Practical Uses and Fashions of Handbags and Purses

The ever necessary bags, their practical use and fashion statements that they made. 

Bags can be traced far back into ancient history. They were used by men and women to carry their belongings as well as food, weapons, jewelry and money. In Egyptian burial chambers of the Old Kingdom double-handled leather bags designed to be suspended from sticks, as well as bags made from linen and papyrus were discovered. The ancient Greeks used leather bags called byrsa as coin pouches; this is the source of the English word "purse." Drawstring purses, an item always worn close to the body and most often suspended from a belt or secreted within folds of clothing, were used to carry coins. 

At the Anglo-Saxon burial mounds of Sutton Hoo in Suffolk, one of the earliest ornamented leather purses was recovered, assumed to be the burial site of King Roewald. The leather body of the bag had deteriorated but its gilt ornaments remained intact holding forty gold coins and hung from hinged straps on a waist belt fastened by a large gold buckle. The purse had a lavish lid decorated with gold, silver, garnets, and millefiori glass. 

By the thirteenth century in Western Europe the popular term for a bag was an ‘almoner’ or an alms bag which was a purse to hold coins to be given as charity. Almoners lent a rather showy side to Christian charity; the richer the purse the more generous the social image of the Lady who carried it. 

 Dolce and Gabbana Byzantine Style Mosaic Beaded Bag

dolce-gabbana-2013-agata-mosaic-king-beaded-bag

 

Gifts of Romance

The most amusing and sophisticated bags of the fourteenth and fifteenth centuries were made as gifts to lovers, decorated with scenes and mottoes alluding to the trials of romance. The tradition of the wedding or betrothal bag originated in the medieval custom of a groom presenting his bride with a sack of coins.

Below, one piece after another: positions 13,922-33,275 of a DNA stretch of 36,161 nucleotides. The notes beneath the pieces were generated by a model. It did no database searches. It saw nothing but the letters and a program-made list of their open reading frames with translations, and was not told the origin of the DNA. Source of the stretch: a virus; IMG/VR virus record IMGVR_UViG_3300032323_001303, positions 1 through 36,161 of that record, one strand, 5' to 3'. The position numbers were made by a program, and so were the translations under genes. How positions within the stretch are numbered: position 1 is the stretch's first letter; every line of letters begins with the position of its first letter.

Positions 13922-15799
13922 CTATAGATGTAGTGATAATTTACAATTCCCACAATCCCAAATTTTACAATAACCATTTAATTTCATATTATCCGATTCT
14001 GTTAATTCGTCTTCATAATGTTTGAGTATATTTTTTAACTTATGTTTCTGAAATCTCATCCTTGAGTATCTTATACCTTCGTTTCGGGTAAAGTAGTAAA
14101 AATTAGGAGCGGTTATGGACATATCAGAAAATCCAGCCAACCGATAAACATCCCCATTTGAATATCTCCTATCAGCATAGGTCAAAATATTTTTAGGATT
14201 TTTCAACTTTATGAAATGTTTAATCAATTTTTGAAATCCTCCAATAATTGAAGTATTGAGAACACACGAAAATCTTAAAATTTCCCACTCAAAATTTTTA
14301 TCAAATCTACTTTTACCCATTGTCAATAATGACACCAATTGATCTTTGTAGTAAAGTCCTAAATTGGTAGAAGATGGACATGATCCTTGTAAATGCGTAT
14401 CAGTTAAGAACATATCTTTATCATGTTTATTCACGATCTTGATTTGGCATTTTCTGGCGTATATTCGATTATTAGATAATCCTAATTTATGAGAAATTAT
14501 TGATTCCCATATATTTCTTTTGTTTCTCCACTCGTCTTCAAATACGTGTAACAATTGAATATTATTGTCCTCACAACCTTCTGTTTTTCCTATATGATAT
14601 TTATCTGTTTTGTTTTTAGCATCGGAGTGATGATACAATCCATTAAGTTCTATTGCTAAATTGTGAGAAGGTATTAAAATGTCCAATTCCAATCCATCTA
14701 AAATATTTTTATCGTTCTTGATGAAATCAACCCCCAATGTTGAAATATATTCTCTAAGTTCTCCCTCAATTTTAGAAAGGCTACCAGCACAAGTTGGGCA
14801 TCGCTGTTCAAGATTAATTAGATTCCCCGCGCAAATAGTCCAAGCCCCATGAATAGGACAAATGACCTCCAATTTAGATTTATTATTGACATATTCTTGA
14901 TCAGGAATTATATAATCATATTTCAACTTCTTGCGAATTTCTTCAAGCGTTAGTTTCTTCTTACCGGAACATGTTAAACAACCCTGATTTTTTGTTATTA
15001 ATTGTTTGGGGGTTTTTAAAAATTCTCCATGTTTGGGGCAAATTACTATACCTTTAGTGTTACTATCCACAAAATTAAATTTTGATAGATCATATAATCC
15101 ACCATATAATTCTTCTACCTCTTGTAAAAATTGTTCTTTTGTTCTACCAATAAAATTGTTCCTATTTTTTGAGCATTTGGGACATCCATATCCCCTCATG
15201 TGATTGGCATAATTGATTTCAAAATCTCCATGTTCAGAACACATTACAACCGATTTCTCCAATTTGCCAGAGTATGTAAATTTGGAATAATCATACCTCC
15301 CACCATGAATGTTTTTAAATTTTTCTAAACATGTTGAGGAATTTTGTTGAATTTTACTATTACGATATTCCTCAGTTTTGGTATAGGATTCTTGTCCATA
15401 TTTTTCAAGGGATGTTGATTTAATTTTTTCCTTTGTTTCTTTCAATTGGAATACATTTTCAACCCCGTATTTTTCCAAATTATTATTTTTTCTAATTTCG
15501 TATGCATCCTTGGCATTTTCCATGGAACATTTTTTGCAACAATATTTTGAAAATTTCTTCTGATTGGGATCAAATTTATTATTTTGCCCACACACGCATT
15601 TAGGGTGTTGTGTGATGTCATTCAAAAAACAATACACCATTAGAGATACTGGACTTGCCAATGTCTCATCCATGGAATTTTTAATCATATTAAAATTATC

Advent of Elaborate Bags

In the late sixteenth and early seventeenth centuries the tiniest bags denoted the greatest status. Small, square embroidered bags containing perfumed pomanders, rose petals, rare spices, and oils were worn to scent skirts and cuffs and used as containers for personal gifts. Over time these bags and purses assumed increasingly ornamental shapes. 

Chinese Qianlong Qing Silk Embroidery Badge Rank Kesi Purse

Chinese Antique Qing Dynasty Silk Embroidery Purse

 

The Elizabethans had a taste for visual conceits and allegory. A bag in the shape of an acorn symbolized thrift, but was likely to be worn in the manner of a precious jewel, wound about the wrist or bouncing against full skirts. Satchels and sacks worn across the body were for peasants and pilgrims; often made from recycled scraps of cloth; few actual examples survived their heavy daily use and these bags are now known mainly from paintings and etchings.

The Evening Bag

The rise of the evening bag can be dated from the seventeenth century. Designed to sit flat upon a table, these bags reflected a new sophistication in form. With a shallow tightly ruched drawstring body attached to a circular base stiffened with cord or leather, the bases of these bags were often decorated with the initials or coat of arms of their owner. Bags were made of interlocking panels in the shape of shields, crescents, and pentagons and told little stories on each individually embroidered panel.